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Green energy plans lead to more traffic

By Sue Austin | Oswestry | News | Published:

Wind and solar farms are putting more and more heavy loads onto Shropshire and Welsh border roads.

Massive wind turbine low loaders will cause hold-ups on the A5 near Chirk next week, police have warned.

And it has been revealed that articulated lorries will use lanes in the countryside around Oswestry if plans for a community solar farm get the go-ahead.

Motorists using the A5 from Halton towards Corwen may experience delays as police escort the transportation of abnormal loads on Monday and Tuesday.

From about 9am each day specialised load transporters carrying essential parts and equipment for a windfarm will crawl along the busy A5 through Llangollen, to Ty Nant, Corwen.

"Police will aim to keep possible disruption to a minimum and hauliers and motorists are asked to please be patient and allow extra time for their journey if they are travelling in the area," a spokesman for North Wales Police said.

Plans for the movement of equipment and materials for a proposed, 2,588, solar panel farm near Rhydycroesau. published this week, include re-routing the largest of vehicles several miles to the south, along county roads.

The proposed renewable energy park at Cefn-Y-Maes has brought objections from local residents who say they are concerned about the access to the site, just off an historic drovers' road.

Engena Ltd, says the majority of the vans and HGV traffic will travel through Oswestry and onto the Racecourse Road.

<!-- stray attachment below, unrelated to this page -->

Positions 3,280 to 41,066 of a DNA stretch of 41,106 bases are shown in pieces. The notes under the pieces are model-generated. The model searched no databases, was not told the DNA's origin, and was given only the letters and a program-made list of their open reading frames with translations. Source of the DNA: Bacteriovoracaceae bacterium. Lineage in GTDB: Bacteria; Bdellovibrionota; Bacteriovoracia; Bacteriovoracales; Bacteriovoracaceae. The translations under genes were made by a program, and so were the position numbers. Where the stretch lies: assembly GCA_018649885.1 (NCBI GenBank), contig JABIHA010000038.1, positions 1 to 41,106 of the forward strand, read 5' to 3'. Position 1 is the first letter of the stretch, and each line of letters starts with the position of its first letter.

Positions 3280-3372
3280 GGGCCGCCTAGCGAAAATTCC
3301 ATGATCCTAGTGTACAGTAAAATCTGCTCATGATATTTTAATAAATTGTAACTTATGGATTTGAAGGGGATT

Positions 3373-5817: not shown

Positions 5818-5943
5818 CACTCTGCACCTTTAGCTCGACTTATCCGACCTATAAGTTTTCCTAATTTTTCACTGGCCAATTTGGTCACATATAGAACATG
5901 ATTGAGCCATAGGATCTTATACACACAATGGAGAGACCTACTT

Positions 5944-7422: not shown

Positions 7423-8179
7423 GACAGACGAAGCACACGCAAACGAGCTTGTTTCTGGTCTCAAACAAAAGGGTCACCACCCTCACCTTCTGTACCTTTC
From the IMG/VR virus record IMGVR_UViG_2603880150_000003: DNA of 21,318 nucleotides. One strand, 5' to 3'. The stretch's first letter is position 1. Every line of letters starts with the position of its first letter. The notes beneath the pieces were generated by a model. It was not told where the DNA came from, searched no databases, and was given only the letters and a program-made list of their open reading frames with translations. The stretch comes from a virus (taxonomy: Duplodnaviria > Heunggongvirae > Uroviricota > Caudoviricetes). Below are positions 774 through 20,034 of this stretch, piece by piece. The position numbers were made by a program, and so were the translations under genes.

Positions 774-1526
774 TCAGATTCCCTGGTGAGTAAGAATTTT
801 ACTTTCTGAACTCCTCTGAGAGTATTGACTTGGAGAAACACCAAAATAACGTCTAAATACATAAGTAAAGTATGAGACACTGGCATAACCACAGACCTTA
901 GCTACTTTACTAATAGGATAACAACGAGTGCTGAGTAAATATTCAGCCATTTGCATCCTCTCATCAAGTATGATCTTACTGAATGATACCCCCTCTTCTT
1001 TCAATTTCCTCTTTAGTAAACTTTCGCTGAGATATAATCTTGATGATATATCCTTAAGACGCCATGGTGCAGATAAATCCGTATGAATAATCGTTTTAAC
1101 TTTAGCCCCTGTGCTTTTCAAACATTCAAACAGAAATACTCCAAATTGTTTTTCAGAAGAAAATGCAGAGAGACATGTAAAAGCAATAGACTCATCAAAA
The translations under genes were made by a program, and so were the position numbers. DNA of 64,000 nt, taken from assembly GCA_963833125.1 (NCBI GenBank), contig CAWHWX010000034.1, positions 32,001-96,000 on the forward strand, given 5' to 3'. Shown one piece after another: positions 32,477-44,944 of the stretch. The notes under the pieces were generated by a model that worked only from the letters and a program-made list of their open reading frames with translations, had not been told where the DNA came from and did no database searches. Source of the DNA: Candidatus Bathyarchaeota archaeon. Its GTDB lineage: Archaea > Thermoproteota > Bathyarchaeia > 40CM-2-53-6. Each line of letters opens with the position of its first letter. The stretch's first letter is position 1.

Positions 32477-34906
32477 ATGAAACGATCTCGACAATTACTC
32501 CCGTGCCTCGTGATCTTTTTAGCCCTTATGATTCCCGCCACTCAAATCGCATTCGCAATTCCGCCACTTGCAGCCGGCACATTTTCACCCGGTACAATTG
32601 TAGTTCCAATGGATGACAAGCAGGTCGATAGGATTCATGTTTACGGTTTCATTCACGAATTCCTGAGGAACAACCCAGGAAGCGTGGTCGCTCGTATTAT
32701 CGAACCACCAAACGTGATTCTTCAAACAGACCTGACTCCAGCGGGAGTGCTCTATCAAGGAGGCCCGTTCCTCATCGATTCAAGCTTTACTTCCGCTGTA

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Objections have already led to the scrapping of a plan for a wind turbine which would have seen abnormal loads travelling to the farm.

In its Transport management plan the company says: "Components can all be delivered on standard HGVs and therefore no abnormal load deliveries will be required."

"Whilst all deliveries would be suitable to travel through Oswestry on the standard construction route without modification to the highway, the route originally designed

for abnormal loads is proposed for the larger deliveries to site in order to minimize the number of HGV movements through Oswestry town.This is in response to concerns raised by local residents through their Parish Council."

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The route will take the larger lorries to the Llynclys crossroads and along the B4396 as far as the Green Inn at Llangedwyn were they will then turn right onto an unclassified road to Llansilin.

Chairman of Oswestry Rural Parish Council, Robert Milton, said the community still has concerns about access to the proposed site.

The plans also include building a temporary access track for the purpose of delivering materials to the energy park.

“We still have concerns with the delivery vehicles and the amount of HGVs going to and from the site. If it was to go ahead, we’d need to make sure there is minimum disturbance for the community. "

Sue Austin

By Sue Austin
Chief Reporter

Chief reporter of the Oswestry/Mid Wales office. Keen to hear your news.

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